By Vyt Karazija
I must be hard to please. For me, Bali is a place where, no matter how good things get, they’re never 100-percent satisfactory. I feel like I’m getting short-changed at least 25 percent on every life experience.
If I roll up to my agent’s office armed with 10 of the mandatory documents, letters and affidavits needed for my KITAS renewal, I will always need to go home and unearth two more obscure pieces of paper before the convoluted process can even start. If I am told that it will take 10 weeks for the process, it always takes at least two weeks longer. When, after the inevitable delays, I am finally instructed to pick up my new KITAS, it won’t have a Multiple Entry/Exit stamp. “Oh no, sir,” the ever-helpful man at Immigration will say, “that will take another two weeks.” Naturally, it’s not ready for another three weeks.
If I want to buy six stubby holders, there will be four in stock. If I absolutely, positively, need my pembantu to work on a particular day, there will be a ceremony on that day. The computer at the office where I pay my electricity will go down only during the time I am there. My mobile phone’s network works reasonably well for whole days at a time, then inexplicably overloads and fails only when I need to call a cab to the airport.
My obviously unrealistic expectations can’t even be met at restaurants. One of my regular places has good food and friendly staff and, most importantly, an abundance of serviettes for those messy senior moments. But its coffee tastes like crushed scarab beetle wings – and it only comes in small cups. On the other hand, my favourite coffee shop has the best coffee in Bali, which they serve in big cups. But there are no serviettes.
Now this is a problem for me, because the classy cups at this place have tiny, ungrippable handles designed by someone with no concept of either the anatomy of the human hand or of the physics of levers. So for me, picking up a full cup usually means a spectacular downward rotation of the cup and consequent spillage into its saucer. Or on bad days, into the lap of a nearby patron. Crushing the handle laterally to the point of pulverising the porcelain might produce enough friction, but my hands are too weak for that. So my saucer fills up, and every time I lift the wet cup, coffee pours into my lap. Little as I care what people think of me, even I draw the line at looking as if I forgot my incontinence pads.
Of course, sometimes it’s not Bali at all. Sometimes there is no one to blame but myself. There I am, full coffee cup by my right hand, sugar added and ready to stir. The obligatory cookie that comes with the coffee is not to my taste, so I generally save it to give to one of the local dogs, which, knowing my schedule, is there waiting for a hand-out when I arrive. Depending on how hungry it is, it sometimes even sings to me while waiting – a peculiar solo of whines, yips and howls which are eerily evocative in their yearning. It sits next to me, staring at me with soulful eyes which telegraph a message of love, faith and commitment. I just know this dog worships me, and would never leave me. Unless I run out of cookies of course, whereupon it is off without a backward glance. I reflect that this behaviour could almost be a metaphor for life amongst the locals, but charitably squash the thought.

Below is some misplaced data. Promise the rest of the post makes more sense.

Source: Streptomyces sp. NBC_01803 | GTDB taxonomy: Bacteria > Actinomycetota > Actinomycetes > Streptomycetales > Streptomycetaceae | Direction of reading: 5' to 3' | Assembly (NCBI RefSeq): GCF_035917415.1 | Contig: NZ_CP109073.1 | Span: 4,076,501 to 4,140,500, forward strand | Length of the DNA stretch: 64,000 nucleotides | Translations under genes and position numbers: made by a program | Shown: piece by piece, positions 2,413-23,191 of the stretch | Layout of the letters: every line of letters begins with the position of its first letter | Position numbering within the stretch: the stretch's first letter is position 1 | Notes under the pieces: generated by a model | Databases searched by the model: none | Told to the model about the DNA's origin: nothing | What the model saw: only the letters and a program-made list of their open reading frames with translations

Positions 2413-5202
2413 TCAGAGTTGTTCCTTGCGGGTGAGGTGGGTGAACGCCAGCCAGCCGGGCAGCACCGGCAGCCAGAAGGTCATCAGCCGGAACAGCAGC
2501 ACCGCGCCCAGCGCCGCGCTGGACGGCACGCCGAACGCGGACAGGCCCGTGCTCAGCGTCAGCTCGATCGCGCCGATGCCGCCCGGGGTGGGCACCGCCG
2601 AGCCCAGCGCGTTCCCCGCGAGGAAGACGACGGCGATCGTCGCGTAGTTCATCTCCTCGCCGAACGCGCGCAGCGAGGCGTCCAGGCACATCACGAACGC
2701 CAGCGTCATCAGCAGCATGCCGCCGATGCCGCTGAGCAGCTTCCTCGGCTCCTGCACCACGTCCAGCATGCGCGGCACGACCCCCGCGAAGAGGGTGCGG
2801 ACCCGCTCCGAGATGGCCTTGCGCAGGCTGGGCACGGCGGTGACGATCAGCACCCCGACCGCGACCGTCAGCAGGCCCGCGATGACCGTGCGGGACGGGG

So today, the cookie has been eaten, but just to keep my hairy friend around for a few minutes longer, I absently scratch and massage along its spine. Unfortunately, thinking I am a true multitasker, I also try to stir my coffee at the same time. You’ve all done that thing where you try to rub your stomach with one hand while patting your head with the other? OK, then you know what happens next. The lomi-lomi-like strokes of my dog-massaging left hand together with the orbital motions of my coffee-stirring right hand promptly cause a massive failure of my neural system. Only yogis and drummers can operate different limbs independently, and I am neither. Unfortunately, it is my coffee-hand operating system that fails, causing a spasm that just about empties my cup over the table, my book, my phone, and yes, my lap. Damn.
And, of course, there are no serviettes. Their presence might not have prevented my bout of neuro-muscular ineptness, but it sure would have helped in the clean-up. As I said, no matter how good things get, they’re never 100-percent satisfactory. But you know – that’s Bali.